FICTION: Destination Bris

By | Sep 03, 2013

“[Destination weddings] can cut down the costs . . . particularly in an economy when invitees may not be able to spare the cash for a flight to Jamaica, or even the drive to Florida.”

–“On Distant, but Economical, Weddings,” The New York Times

The high point of the destination bris I’d arranged for Sally Shviger was going to be the tossing of the foreskin. So that after the circumcision, at which Sally’s uncle, Reb Mordecai, officiated, Sally’s husband Leroy wrapped the tiny piece of precious child in white linen, stood with his back to a group of his single man-friends, and tossed it high over his shoulder.

At Sally’s wedding, Dawn Ginsbergh had caught the bouquet, and we were all rooting for Dawn’s boyfriend Heshy Farkas to make the catch so he’d have to pop the question. But as soon as the white linen missile was in the air, Leroy’s Aunt Molly’s dachshund, Totela,  got loose, twirled into the air like a circus dog, snatched the wrapped piece of Melvin in his mouth, and ran off with it.

Dawn began screaming that she just knew Heshy would find some way to avoid commitment. Aunt Molly’s husband Abe yelled that it was all Molly’s fault for bringing Totela, and while Sally berated Leroy for allowing Molly to bring the dog, he and Heshy chased around the room after Totela, who ran past the assembled guests into the kitchen, where a festive four course post-circumcision brunch was being prepared.

Reb Mordecai tried to calm people down by telling an old joke about not wanting to be paid—collecting tips was reward enough for him—at which point his wife Hannah cried out that they were ruined because hadn’t she warned him it was a mistake not to renew his liability insurance. Although Reb Mordecai is 91 years old and has been blind from birth, Sally assured me he had always had a special feel for his vocation, and having him preside would make the event personally sacred to her. In addition, having the event take place far away would cut down both on the number of attendees, and on large number of men Reb Mordecai had serviced, who, whenever they learned he was the mohel, would come to see him do what he himself could not see.

I’d arranged Sally and Leroy’s eco-friendly destination wedding in the Galapagos Islands two years ago, and only nine of her friends had come, so even with the cost of travel, and the caterer’s add-on transportation charges, Sally’s parents had saved a bundle compared to what even a simple “at-home” wedding would have cost. Only seven of Sally’s friends attended her destination baby shower, which we celebrated in Alaska’s Denali National Park, where we watched salmon climb their ladders on their way to spawn.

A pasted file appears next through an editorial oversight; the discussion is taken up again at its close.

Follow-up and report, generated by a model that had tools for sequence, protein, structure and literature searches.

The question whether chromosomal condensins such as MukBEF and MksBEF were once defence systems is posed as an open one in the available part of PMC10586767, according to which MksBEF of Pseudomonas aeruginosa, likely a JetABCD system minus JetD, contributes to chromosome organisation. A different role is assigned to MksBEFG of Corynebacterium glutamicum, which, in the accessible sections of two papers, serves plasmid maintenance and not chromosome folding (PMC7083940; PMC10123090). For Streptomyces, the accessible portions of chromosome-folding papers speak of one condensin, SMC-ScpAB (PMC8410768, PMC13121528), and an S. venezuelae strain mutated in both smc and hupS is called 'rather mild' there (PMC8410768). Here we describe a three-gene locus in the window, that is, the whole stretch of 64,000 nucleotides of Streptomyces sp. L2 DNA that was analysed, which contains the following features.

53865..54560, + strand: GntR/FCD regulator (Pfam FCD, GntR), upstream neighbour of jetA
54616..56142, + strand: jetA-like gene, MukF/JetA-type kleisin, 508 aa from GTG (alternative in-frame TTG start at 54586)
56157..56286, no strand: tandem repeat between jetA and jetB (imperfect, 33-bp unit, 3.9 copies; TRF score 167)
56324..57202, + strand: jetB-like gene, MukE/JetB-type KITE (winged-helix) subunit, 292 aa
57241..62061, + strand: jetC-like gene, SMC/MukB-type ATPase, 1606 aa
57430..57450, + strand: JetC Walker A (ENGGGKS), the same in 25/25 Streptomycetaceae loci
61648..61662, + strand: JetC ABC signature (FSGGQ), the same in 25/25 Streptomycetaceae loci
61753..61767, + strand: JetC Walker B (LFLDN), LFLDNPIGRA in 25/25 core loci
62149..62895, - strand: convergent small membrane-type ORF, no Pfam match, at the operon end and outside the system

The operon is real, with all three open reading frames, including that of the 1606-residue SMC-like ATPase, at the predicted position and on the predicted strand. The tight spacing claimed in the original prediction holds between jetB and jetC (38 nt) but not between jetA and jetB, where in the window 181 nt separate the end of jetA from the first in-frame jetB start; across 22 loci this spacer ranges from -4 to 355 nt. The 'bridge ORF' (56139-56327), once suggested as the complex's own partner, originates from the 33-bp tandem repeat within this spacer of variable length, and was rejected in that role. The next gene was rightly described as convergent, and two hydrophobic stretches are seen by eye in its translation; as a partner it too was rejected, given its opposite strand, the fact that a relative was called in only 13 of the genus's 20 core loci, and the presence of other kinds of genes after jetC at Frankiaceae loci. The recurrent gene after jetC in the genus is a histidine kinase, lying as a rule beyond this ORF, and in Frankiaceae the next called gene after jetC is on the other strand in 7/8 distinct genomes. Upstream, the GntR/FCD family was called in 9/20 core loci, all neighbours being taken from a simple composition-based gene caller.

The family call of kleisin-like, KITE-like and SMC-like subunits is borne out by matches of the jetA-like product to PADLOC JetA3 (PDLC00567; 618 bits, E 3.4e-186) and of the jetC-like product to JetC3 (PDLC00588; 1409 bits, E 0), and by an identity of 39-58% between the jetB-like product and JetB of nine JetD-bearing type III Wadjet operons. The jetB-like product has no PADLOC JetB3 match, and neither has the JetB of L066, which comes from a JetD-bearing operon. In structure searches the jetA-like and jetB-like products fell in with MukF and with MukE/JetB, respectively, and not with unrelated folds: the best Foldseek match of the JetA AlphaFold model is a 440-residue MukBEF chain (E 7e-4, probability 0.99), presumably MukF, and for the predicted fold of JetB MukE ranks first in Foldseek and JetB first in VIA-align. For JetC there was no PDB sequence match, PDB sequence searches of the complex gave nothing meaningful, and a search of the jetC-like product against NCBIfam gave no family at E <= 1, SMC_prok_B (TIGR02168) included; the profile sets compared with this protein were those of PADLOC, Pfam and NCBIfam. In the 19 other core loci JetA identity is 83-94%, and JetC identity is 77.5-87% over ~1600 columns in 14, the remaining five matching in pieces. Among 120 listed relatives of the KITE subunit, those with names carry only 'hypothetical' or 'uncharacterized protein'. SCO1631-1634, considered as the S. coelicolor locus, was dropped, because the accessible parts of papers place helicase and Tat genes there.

But what about the dog? Well, that was the question on everyone’s mind and lips.  But if the foreskin doesn’t exist, Leroy’s father—a philosophy professor at NYU—asked, did the bris really take place?  Reb Mordecai’s wife Hannah declared that for meat to be kosher, it had to be drained of all blood, but if a dog ate a foreskin, did the dog become un-kosher, and would her recently widowed sister-in-law Molly, who was kosher, be required to send Totela, the beloved companion of her golden years, into exile?  If I am not for Totela, Molly cried out, who will be?

Sally’s godfather, Harold “Tex” Gelbstein, who had traveled from Lubbock, Texas, for the occasion, lifted Melvin into the air and asked everyone to admire the handsome little varmint, who, having been given a ritual sip of wine during the ceremony, was fast asleep on his pillow of blue satin.

“My son Harvey, a true son-of-Texas, weighed in at 20 pounds when he was born,” Tex said. “But after the circumcision,” he added, “he only weighed ten pounds.”

Saying that where he came from most ethical issues turned out to have edible solutions, Tex put a spoonful of chopped liver on a piece of challah, lured Totela into the room with it, lassoed the dog, carried it back into the kitchen, and returned a minute later with a small piece of shredded linen he gave to Reb Mordecai, who declared that what had happened on this day certainly gave us much food for thought.

Athough I love planning weddings, baby showers, and other blessed observances, it’s even more fun to try out a special new event for friends the way I did for Sally and Leroy. But in case things don’t work out for them, or for Dawn and Heshy, or Abe and Molly, or Reb Mordecai and Hannah, I’m thinking of offering destination divorces, where husbands and wives, along with their children, nannies, lawyers, and accountants, take themselves to idyllic settings—with spas, snorkeling, sunset cruises, and trained entertainers to keep the children happy while supportive mediation sessions, friendly financial negotiations, and creative custody arrangements move toward joyful resolutions.

 Jay Neugeboren is author of 21 books.  His most recent novel is The American Sun & Wind Moving Picture Company.


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